Wednesday, July 30, 2008

Selling Ice to Eskimos -- Memphis Style

I also saw Chef David Chang interviewed by Charlie Rose. Midway through the interview, Rose asked Chef Chang if he had aspirations to open a restaurant in Japan. Chang replied quickly, "No!" saying that he had too much respect. Then laughing, he added, "that would be like some guy that had a BBQ restaurant in Munich, Germany announcing he was opening up in Memphis, Tennessee. It’s not gonna happen," he chortled. Charlie Rose laughed profusely at the thought. I’m not sure, but I think he threw his hands up and said, "Duh!" Immediately, the observation seemed so obvious.

Chang’s statement hit home for me quite literary because I live in Memphis. Memphians are proud of their BBQ. Memphis likes it’s BBQ as much as Boston likes their Red Sox. I don’t think that the Yankees have much of a shot at being the team of choice in Beantown no matter how good Yankee-style baseball is. So, the chances of success for Chang’s Bavarian BBQ-meister are slim in Memphis, and everyone knows it. But, not so quick. I don’t think everyone sees the obvious. Sure, it is right there in front of us, and we all see it when it is pointed out. Yet, seeing the obvious is not a skill that everyone has developed fully.

I drive Jamie nuts with my cynical habits, among which is pointing out to her when someone tries to make a living by offering non-Memphis BBQ in Memphis. The list is not small. Here is my short list of those that have tried:

1. Chicago BBQ expert, Famous Dave's, opened and closed in Memphis with a famous Memphis partner, Isaac Hayes.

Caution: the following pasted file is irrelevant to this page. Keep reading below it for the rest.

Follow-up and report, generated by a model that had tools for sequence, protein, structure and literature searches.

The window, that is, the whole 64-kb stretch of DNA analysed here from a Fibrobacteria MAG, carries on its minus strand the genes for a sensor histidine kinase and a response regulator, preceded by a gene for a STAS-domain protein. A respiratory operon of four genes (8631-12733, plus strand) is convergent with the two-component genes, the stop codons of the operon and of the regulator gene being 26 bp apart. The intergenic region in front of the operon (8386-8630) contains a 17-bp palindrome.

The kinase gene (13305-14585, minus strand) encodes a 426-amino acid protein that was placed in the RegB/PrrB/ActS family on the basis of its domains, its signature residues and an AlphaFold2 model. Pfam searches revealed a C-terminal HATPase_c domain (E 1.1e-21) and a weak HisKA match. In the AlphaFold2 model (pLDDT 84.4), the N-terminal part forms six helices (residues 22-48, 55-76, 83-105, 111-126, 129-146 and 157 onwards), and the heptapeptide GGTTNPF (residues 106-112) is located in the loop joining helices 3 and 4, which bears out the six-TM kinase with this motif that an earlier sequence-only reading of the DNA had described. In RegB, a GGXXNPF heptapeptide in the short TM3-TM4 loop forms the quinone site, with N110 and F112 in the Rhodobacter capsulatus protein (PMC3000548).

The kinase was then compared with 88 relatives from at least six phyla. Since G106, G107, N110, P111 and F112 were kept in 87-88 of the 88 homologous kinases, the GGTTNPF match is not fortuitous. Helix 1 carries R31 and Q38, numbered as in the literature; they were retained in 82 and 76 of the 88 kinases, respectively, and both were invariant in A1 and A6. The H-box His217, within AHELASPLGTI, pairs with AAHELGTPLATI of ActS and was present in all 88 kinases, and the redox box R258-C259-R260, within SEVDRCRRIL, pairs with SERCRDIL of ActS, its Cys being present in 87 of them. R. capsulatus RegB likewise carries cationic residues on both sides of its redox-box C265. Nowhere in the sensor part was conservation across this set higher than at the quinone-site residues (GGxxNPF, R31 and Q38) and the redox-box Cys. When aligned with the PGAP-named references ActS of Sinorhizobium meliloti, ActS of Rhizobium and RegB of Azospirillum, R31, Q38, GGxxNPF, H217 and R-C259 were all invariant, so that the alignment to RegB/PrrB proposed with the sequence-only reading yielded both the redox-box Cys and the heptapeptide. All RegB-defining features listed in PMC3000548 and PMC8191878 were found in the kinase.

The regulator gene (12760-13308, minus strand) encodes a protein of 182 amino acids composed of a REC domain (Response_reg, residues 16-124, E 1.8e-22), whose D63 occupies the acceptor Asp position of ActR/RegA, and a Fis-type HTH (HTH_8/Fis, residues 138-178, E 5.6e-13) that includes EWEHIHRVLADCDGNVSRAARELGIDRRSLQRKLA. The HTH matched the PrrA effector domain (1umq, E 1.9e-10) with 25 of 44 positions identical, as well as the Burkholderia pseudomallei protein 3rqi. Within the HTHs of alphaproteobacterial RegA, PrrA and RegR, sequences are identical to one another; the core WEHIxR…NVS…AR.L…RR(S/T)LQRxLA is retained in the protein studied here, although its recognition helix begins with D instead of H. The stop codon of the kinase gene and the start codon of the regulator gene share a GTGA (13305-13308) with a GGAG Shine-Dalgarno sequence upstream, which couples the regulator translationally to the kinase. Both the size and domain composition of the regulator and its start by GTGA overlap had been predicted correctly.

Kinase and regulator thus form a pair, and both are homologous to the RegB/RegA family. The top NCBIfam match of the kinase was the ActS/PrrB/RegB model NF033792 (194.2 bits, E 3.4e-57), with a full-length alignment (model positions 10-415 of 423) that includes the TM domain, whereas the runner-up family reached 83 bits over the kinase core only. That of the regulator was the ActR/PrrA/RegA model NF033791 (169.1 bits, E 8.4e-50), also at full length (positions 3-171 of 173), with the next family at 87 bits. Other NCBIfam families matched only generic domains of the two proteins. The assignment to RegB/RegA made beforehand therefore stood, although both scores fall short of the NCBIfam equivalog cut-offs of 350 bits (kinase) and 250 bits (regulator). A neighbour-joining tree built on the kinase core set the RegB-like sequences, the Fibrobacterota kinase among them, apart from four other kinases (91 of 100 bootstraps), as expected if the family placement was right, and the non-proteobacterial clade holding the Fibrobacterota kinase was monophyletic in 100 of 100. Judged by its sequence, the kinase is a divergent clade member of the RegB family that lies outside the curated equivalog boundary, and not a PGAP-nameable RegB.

2. Famous Dave’s sauce was sold at the Market on Main.
3. St Louis-based grocer, Schnucks, advertises and sells St Louis-style ribs
4. BBQ chain restaurant, Smokey Bones, offers St Louis style ribs.
5. Numerous non-BBQ chains, including Jillian’s, have offered Saint Louis-style ribs on their menus.
6. I wonder how KC (Kansas City) Masterpiece BBQ sauce sells in Memphis?
7. Birmingham-based BBQ restaurant, Jim and Nick’s, is now open in Memphis.

Some of those on the list have been tremendous flops. The verdict is still out on others. And still, for others, BBQ is such an insignificant part of their business that the verdict may never be realized. I believe that even if selling St Louis-style ribs in Memphis doesn’t put you out of business, it couldn’t be a big seller. My point is this:
consciously observing the obvious can make you lots of money or save you lots of money. Not everyone, however, consciously makes these observations. You will have a competitive advantage if you cultivate the skill of just paying attention and seeing the obvious.

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